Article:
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For the past few years at the Institute, we’ve heard stories about Brazilian teachers trying out blended learning. Since then, some of these teacher-led initiatives have flourished into school-wide programs around the country. To explore these trends more deeply, we published our first international blended-learning research paper in November, Blended Beyond Borders, in partnership with the WISE Initiative. This paper offers a snapshot of blended-learning in Brazil, Malaysia, and South Africa, as well as giving policymakers and practitioners recommendations on how they can help blended efforts prosper in their context.

Our partnerships with the Lemann Foundation, Peninsula Institute, Porvir, Nova Escola, and Todos Pela Educação were instrumental in gathering data and understanding the landscape of the public and private Brazilian education system. Through these partners, we administered a survey to capture whether and why schools were going blended. After answering a series of questions asking what types of technology a teacher or school used, survey respondents told us why they started to use technology in their classrooms. Providing more options for students (73.64% of both administrators and teachers), facilitating more personalized student learning (71.82%), facilitating competency-based learning (67.27%), and improving student academic outcomes (61.82%) were the top reasons educators gave for using technology.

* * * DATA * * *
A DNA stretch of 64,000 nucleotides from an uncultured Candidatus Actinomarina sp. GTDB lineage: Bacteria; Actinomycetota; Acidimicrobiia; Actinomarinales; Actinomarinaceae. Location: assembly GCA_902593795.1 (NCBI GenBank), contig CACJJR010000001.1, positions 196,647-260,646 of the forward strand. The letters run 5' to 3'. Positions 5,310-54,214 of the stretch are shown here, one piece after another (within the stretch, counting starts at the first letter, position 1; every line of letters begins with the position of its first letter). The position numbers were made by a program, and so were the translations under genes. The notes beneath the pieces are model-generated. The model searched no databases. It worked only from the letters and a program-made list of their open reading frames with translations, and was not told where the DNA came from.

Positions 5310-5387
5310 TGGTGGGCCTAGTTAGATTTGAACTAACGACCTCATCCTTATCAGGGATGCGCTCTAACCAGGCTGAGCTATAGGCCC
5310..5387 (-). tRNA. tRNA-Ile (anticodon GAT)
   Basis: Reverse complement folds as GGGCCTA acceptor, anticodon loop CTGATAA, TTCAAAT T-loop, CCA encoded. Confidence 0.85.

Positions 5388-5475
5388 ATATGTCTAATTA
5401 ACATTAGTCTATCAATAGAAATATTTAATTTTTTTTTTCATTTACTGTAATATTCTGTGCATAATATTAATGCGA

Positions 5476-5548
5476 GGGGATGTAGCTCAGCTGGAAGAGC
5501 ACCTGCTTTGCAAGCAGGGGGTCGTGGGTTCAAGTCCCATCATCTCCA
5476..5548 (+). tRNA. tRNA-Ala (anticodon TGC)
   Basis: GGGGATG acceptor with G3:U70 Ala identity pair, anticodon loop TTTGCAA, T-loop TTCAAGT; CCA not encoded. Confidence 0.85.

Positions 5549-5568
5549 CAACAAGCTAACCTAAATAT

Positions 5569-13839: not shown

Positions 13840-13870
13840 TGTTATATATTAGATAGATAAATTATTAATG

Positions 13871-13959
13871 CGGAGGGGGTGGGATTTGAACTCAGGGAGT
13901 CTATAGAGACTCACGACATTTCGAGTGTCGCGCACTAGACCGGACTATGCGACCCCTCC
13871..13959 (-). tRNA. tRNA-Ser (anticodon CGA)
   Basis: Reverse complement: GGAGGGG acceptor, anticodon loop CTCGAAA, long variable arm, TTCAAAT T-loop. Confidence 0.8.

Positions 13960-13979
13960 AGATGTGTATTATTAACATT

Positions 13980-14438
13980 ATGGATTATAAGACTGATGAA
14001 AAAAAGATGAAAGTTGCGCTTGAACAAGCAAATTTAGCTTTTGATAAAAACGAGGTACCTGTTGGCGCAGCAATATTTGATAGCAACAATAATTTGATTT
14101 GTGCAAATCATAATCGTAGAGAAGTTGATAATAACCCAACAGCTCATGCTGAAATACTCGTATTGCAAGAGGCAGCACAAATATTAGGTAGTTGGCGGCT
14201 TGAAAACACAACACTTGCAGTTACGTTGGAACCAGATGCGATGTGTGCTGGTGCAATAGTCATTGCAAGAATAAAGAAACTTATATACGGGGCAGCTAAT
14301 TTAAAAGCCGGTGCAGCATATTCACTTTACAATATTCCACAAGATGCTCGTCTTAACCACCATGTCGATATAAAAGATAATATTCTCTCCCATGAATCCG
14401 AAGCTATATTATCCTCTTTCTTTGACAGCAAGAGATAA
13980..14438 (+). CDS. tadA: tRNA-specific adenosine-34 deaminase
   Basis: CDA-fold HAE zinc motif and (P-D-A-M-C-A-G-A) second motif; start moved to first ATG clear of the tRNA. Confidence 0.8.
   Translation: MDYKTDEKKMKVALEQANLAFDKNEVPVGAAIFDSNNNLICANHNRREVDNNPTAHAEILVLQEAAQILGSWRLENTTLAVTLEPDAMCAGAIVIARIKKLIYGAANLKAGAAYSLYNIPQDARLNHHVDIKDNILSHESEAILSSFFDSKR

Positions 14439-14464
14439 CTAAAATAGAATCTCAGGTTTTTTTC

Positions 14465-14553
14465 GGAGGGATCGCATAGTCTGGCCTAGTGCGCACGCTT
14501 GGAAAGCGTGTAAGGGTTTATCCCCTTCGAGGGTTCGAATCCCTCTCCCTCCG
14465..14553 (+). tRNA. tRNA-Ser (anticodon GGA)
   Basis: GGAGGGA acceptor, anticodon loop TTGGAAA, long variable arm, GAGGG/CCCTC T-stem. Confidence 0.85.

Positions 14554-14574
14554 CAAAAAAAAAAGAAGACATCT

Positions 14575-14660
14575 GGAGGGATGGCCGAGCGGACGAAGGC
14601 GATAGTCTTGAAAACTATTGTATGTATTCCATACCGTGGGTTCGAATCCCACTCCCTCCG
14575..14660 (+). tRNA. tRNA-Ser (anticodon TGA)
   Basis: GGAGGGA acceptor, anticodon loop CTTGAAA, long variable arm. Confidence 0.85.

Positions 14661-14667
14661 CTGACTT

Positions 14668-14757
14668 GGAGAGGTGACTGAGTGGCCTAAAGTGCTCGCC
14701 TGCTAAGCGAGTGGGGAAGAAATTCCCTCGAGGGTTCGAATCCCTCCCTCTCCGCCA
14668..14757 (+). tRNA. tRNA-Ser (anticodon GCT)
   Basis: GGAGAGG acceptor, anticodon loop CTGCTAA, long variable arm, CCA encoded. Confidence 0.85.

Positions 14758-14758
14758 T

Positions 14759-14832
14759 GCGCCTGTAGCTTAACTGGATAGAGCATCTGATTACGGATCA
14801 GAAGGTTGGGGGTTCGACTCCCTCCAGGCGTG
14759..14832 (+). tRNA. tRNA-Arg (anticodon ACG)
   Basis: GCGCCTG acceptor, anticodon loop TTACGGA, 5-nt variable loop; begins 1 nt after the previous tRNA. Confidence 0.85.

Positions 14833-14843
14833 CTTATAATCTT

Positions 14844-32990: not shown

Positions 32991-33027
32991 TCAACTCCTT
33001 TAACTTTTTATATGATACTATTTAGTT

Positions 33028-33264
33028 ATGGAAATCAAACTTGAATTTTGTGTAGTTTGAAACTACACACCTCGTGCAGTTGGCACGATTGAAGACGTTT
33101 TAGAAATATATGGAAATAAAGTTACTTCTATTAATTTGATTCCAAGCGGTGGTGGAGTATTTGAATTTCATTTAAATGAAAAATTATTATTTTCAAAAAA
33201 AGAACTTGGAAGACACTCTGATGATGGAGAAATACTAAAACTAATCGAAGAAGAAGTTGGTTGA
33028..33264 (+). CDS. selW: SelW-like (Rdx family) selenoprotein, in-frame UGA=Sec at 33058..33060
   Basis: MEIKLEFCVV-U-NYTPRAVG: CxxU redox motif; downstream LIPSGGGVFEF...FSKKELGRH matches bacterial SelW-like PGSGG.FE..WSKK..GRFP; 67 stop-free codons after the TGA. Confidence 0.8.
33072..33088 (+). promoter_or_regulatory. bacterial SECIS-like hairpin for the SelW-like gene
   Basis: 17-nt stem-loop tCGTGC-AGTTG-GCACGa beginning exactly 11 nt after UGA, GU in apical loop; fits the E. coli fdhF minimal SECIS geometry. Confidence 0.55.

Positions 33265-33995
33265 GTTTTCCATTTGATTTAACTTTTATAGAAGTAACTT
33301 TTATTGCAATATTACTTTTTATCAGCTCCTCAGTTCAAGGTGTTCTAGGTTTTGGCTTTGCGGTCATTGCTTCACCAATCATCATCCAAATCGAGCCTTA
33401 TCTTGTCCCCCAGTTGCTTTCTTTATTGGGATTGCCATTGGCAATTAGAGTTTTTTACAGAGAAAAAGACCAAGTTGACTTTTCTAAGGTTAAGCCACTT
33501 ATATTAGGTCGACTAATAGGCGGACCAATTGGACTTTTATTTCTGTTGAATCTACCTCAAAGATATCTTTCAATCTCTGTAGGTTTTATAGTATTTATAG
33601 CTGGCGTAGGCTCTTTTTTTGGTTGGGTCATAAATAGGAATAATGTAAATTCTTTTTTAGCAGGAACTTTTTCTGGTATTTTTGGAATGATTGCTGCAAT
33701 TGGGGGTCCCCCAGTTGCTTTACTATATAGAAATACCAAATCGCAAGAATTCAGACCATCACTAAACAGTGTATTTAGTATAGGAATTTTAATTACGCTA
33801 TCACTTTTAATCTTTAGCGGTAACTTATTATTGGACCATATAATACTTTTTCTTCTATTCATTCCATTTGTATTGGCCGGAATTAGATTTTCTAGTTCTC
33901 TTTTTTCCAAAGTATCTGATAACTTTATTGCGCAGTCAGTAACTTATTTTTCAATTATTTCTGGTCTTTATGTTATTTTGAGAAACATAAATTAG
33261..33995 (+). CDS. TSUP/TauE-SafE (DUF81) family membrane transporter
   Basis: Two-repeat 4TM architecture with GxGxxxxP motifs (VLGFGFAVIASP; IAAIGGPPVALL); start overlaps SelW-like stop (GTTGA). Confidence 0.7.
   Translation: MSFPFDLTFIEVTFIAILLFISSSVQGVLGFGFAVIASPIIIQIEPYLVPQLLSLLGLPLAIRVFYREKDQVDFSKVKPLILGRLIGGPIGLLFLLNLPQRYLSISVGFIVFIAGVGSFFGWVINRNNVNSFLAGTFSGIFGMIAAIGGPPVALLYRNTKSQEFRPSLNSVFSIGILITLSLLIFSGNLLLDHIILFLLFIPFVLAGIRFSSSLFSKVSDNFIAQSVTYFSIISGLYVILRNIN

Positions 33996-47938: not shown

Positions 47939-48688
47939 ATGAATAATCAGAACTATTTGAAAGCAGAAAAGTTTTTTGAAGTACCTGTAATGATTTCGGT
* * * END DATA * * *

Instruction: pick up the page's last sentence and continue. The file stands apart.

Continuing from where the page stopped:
In April and May of 2017, I had the privilege of visiting 12 schools across Brazil, as well as speaking with three additional educators whom I was unable to meet in person. Seven of these schools are practicing blended learning based on our definition. Although each school I spoke with had its own unique reason for going blended, most were driven by one of the top four answers highlighted in the survey results.

Blended learning can give students more options

Colégio Soter, a medium-sized private school on the east side of São Paulo, started its blended-learning journey with a small pilot program in 2016. The school’s director wanted to give students more autonomy in their learning, as well as more variety in the way they learned. She adopted a Station Rotation model– in stations, students have choices. For example, students can learn about the life cycle of insects by watching a YouTube video, playing a matching game on a tablet, reading a story about the life of a butterfly, or creating a diagram of each stage using crafting materials. This gives students more opportunities to learn in the way that is best for them.

Additionally, because students at Colégio Soter only attend school in either the morning or the afternoon, the management staff wanted to take full advantage of time outside of school. They knew that learning need not stop when students leave the building, and began to use a Flipped Classroom model of blended learning. This model gives students multiple channels to access material at home, and unlocks more practice time and individualized help from their teacher while in the classroom.

Credit: Colégio Soter

Blended learning can personalize student learning